Desireé Mee Jung, Hilary Ward and Rebecca Mozo in Sense and Sensibility. Photo by Jordan Kubat/SCR.

South Coast Repertory pushes the concept of colorblind casting to the edge with their current production of Jane Austen’s “Sense and Sensibility” (in Costa Mesa through Sept. 29). Purists and history buffs may object at first glance to the multi-ethnic ensemble gracing the stage, but they’ll be quickly forced to admit there isn’t a member of the talented cast who can’t handle the demands of this turn-of-the-19th century English romantic drama. It ain’t Shakespeare but still the language makes unusual demands on the performer, and the acting here is first class across the board. That said, five interracial couples may be a bit much.

Hilary Ward and Rebecca Mozo head the cast as Elinor and Marianne Dashwood, the siblings forced out of necessity to make good choices in marriage partners, with their family’s future at stake. They make strong impressions as they grapple with the realities of being a middle class woman in that era—as does Preston Butler III, whose Willoughby sweeps impulsive Marianne off her feet. However it’s Desireé Mee Jung as Margaret, the youngest of the three Dashwood sisters, who largely” steals the show with her childlike reactions to the goings on; Abigail Marks is another standout as Fanny, the wealthy but crass sister-in-law.

Director Casey Stangl does a masterful job—as usual—in handling the intricacies of Jessica Swale’s fine adaptation. Both deserve kudos for making the story work for a contemporary audience. They’re ably aided and abetted by Maggie Morgan’s costume design and Martín Carrillo’s original music/soundscape. You don’t have to be an Austen devotee to follow the play, or pick up on the nuances of what transpires; the show is a tad long at two and a half hours plus intermission, though.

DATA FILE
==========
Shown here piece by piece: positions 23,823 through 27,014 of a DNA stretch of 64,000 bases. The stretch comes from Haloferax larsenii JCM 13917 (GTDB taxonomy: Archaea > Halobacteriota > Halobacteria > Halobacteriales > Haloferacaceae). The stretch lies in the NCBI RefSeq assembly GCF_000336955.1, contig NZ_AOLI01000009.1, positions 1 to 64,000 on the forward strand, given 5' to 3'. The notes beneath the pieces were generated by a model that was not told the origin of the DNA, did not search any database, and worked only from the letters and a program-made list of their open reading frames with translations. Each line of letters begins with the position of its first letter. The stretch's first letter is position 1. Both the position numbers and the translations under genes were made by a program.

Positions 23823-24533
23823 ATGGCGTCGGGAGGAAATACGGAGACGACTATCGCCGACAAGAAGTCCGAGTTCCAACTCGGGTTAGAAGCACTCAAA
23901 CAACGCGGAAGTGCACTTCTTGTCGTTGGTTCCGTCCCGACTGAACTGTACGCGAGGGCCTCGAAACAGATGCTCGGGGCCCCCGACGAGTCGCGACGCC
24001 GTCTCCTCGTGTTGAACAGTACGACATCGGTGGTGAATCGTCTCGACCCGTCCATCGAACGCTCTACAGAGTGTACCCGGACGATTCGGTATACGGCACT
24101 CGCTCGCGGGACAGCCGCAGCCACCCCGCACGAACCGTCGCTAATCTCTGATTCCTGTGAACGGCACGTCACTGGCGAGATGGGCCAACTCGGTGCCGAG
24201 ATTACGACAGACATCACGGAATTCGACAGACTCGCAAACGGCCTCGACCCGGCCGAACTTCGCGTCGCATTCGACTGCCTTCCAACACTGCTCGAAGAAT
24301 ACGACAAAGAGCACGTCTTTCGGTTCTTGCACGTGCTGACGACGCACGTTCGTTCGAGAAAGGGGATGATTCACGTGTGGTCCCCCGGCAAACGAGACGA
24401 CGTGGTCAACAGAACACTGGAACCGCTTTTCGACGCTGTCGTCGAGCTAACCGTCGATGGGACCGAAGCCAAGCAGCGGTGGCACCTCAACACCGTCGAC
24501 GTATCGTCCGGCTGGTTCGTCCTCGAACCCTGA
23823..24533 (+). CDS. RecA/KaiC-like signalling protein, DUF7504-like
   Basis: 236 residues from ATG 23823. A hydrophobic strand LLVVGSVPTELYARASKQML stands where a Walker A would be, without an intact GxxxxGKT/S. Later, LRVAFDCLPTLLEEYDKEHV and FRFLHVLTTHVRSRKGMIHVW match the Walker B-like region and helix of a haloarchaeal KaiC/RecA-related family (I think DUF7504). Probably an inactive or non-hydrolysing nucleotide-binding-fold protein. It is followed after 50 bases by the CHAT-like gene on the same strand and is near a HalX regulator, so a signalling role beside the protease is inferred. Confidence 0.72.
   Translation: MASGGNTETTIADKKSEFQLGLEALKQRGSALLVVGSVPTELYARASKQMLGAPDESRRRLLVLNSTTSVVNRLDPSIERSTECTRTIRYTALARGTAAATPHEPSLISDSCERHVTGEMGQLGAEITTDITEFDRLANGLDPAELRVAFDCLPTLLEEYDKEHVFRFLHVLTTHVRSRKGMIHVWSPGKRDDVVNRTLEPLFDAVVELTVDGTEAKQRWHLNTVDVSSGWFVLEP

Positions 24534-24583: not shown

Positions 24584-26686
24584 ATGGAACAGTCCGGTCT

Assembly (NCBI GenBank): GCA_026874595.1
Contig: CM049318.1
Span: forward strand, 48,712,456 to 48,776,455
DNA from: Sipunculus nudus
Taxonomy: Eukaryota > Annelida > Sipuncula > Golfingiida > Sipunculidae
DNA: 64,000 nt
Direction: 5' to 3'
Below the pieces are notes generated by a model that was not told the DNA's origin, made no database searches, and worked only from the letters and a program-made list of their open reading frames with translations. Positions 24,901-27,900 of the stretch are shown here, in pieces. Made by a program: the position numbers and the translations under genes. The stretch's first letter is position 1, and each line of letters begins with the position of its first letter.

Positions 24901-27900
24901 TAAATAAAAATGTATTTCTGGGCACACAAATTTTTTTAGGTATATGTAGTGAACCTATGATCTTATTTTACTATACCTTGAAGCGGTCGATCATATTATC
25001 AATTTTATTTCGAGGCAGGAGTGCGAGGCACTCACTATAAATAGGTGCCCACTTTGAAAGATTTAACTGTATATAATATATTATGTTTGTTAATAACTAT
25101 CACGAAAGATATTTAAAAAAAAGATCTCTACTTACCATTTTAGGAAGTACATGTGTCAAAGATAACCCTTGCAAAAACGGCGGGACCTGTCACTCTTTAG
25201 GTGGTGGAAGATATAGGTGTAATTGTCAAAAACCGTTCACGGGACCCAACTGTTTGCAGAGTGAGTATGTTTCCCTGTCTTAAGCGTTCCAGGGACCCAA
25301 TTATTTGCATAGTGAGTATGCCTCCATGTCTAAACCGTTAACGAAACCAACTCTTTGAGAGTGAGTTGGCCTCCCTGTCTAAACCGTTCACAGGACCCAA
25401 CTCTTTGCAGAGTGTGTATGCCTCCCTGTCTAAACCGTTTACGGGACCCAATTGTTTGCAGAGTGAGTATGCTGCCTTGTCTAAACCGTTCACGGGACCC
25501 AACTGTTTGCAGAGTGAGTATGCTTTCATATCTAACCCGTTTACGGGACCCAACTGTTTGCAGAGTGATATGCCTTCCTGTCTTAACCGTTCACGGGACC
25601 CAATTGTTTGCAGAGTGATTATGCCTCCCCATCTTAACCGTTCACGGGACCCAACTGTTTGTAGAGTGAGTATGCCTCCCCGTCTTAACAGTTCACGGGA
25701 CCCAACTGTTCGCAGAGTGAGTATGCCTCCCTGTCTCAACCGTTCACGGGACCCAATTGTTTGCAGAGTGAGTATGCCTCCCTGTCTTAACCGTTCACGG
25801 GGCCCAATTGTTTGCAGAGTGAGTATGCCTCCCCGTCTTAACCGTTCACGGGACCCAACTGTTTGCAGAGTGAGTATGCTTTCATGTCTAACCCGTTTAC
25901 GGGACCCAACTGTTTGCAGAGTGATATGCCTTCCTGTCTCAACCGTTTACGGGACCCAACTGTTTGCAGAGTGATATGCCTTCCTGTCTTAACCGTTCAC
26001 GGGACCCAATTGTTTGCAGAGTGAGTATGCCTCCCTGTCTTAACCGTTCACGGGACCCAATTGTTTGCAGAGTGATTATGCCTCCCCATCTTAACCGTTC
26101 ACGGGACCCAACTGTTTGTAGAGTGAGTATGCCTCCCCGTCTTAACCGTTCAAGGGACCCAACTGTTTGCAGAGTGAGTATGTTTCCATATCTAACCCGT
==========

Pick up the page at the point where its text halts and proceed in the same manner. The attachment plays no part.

At the ripe old age of six, Alchemy Theatre Company seems to have come of age. No longer are they content to simply do good work, but truly excel. “Cyrano,” Jeff Lowe’s adaptation of Edmond Rostand’s “Cyrano De Bergerac” (running in rep with Alchemy’s “Romeo and Juliet” at STAGEStheatre in Fullerton through Sept. 23) is a case in point. There isn’t a false note in the adaptation—which mixes classical and contemporary language—nor a weak link in the 15-member ensemble.

Lowe has cleverly tweaked this tale so that Cyrano is female—along with her outsized proboscis, she’s got a lot more deal with when she falls hopelessly in love with her cousin Roxane than Rostand’s hero ever did. It’s a wonderfully challenging role for a woman, and Madeleine Claire Colburn plays it with intelligence and strength under Laura Hathaway’s attentive direction.

Kelsey Somerville is a subtle and sensitive Roxane, the beauty deceived by an inarticulate romeo using Cyrano’s eloquent words to woo her. Tucker Boyes (De Guiche), Mason Banks (Ligniere), and Matt Takahashi (various roles) lend impressive support; Wendy Sonali Espinoza’s costumes and Jeff Budner’s fight choreography are a plus.



Author: Jordan Young